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The La Porte Fire Marshal's Office provides public education classes on fire safety in the home and the workplace. Please contact our office (281-867-4603) at least two weeks prior to the date desired and be prepared to provide the location, number of people, number of classes and type of class needed.
Public Education Tips
Install smoke detectors in your home - In a fire, you may only have seconds to make your escape. A smoke detector will give you early warning, or even wake you up so you can get out quickly.
- Smoke detectors should be installed on every level of your home, in all bedrooms, and in the area outside of the bedrooms.
- Smoke detectors must be tested frequently (at least once a month). You should use the smoke detectors to practice fire drills by simply pressing the test button.
- “Change your clocks, change your batteries!” Change your smoke detector batteries in the spring when you set your clocks forward and in the fall when you set your clocks back. This will help insure they work when you need them.
- Keep a whistle in every bedroom to augment the alarm to help everyone in the family wake up.
Develop an escape plan - Sit down with your family and discuss the escape plan and their role in developing it.
- Develop a floor plan of your home.
- Have two escape routes from every room in your home.
- If collapsible escape ladders are needed, show their location.
- If security bars are installed, show the location of the quick release devices.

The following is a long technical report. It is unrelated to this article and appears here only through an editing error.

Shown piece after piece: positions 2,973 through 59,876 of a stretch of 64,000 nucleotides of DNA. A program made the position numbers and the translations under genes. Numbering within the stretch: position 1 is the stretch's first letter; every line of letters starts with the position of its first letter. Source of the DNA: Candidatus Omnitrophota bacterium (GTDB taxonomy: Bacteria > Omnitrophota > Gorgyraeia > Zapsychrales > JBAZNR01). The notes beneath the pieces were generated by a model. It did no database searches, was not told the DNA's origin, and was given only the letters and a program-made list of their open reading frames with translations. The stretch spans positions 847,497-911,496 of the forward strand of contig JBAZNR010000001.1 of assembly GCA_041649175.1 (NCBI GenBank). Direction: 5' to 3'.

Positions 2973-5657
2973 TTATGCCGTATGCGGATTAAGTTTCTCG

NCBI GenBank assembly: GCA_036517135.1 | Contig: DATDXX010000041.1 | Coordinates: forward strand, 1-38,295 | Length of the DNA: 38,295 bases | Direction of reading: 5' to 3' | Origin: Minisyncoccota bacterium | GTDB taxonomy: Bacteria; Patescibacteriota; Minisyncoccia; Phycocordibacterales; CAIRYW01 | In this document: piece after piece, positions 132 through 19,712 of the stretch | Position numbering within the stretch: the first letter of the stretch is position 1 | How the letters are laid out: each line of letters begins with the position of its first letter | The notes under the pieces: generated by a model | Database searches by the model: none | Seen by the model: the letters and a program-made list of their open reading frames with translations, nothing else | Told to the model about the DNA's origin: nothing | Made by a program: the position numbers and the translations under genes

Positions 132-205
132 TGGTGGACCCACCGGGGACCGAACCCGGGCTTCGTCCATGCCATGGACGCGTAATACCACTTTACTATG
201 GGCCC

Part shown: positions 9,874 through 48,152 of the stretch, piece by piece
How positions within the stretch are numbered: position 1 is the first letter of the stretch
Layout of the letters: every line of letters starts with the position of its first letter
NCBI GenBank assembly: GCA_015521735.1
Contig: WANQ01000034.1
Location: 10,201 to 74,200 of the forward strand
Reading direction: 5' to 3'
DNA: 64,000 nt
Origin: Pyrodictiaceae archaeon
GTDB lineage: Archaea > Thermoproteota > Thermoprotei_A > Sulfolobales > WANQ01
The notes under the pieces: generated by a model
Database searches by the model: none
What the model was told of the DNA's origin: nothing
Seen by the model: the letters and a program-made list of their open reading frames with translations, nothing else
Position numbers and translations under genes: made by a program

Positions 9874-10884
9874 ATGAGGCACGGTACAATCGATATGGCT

- A flashlight should be available in every bedroom. The type that plugs into the power outlet and is constantly charged is recommended.
- Check windows to make sure they open freely, and screens can be removed easily.
- Make sure your second exit (a window) is not obstructed by items such as air conditioning units. Don’t “board up windows that could be needed as a second means of escape during a fire.
- Your family should always sleep with the doors closed to keep smoke out of their bedrooms and give them more time.
- Explain that they must “roll out of bed”. Get on the floor as soon as they hear the smoke detector, underneath the smoke, heat and toxic gases. Even If no smoke is visible, deadly heat and toxic gases could be present, so keep low.
- They must “crawl low under smoke” to their nearest exit.
- When they get to the closed door they should check the door to see if it’s hot. If the doors hot they should use their secondary exit.
- Show the location of the pre-arranged meeting place that everyone will meet at once outside.
- Make sure your escape ladder is assembled, and that you have tested its use prior to needing it because of a fire.
- Don’t count on being able to help your children escape a fire. You may not be able to reach your children because of the location of the fire, they must know how to:
- Release any installed security bars
- Open their window
- Knock out the window screen
- Set up the escape ladder
- Make their escape
Practice your escape Plan - Practice your escape plan frequently, at least once a month. Fires can grow quickly; you may only have seconds to exit your home.
- Time your drills. See if you improve over past drills.
- Drills should be practiced in the dark so that your family is prepared for actual fire conditions.
- Practice opening security bars and windows.
- Practice setting up and using escape ladders.
- Practice crawling low in smoke and checking doors for heat.
- You have no time! Do not try to take possessions or look for pets.
Have a pre-arranged meeting place - A meeting place is needed so that everyone can be accounted for.
- Designate a meeting place. It can be the mail box, the tree in the front yard, or any other place you decide as long as everyone in the family knows in advance where it is. Make sure it it’s a safe distance form your home.
Once out, stay out - Never go back in the house for anything or anyone.
- Call 911 from a neighbor’s house. Give the operator your address, name, call back number, and let them know if there is anyone still in the house.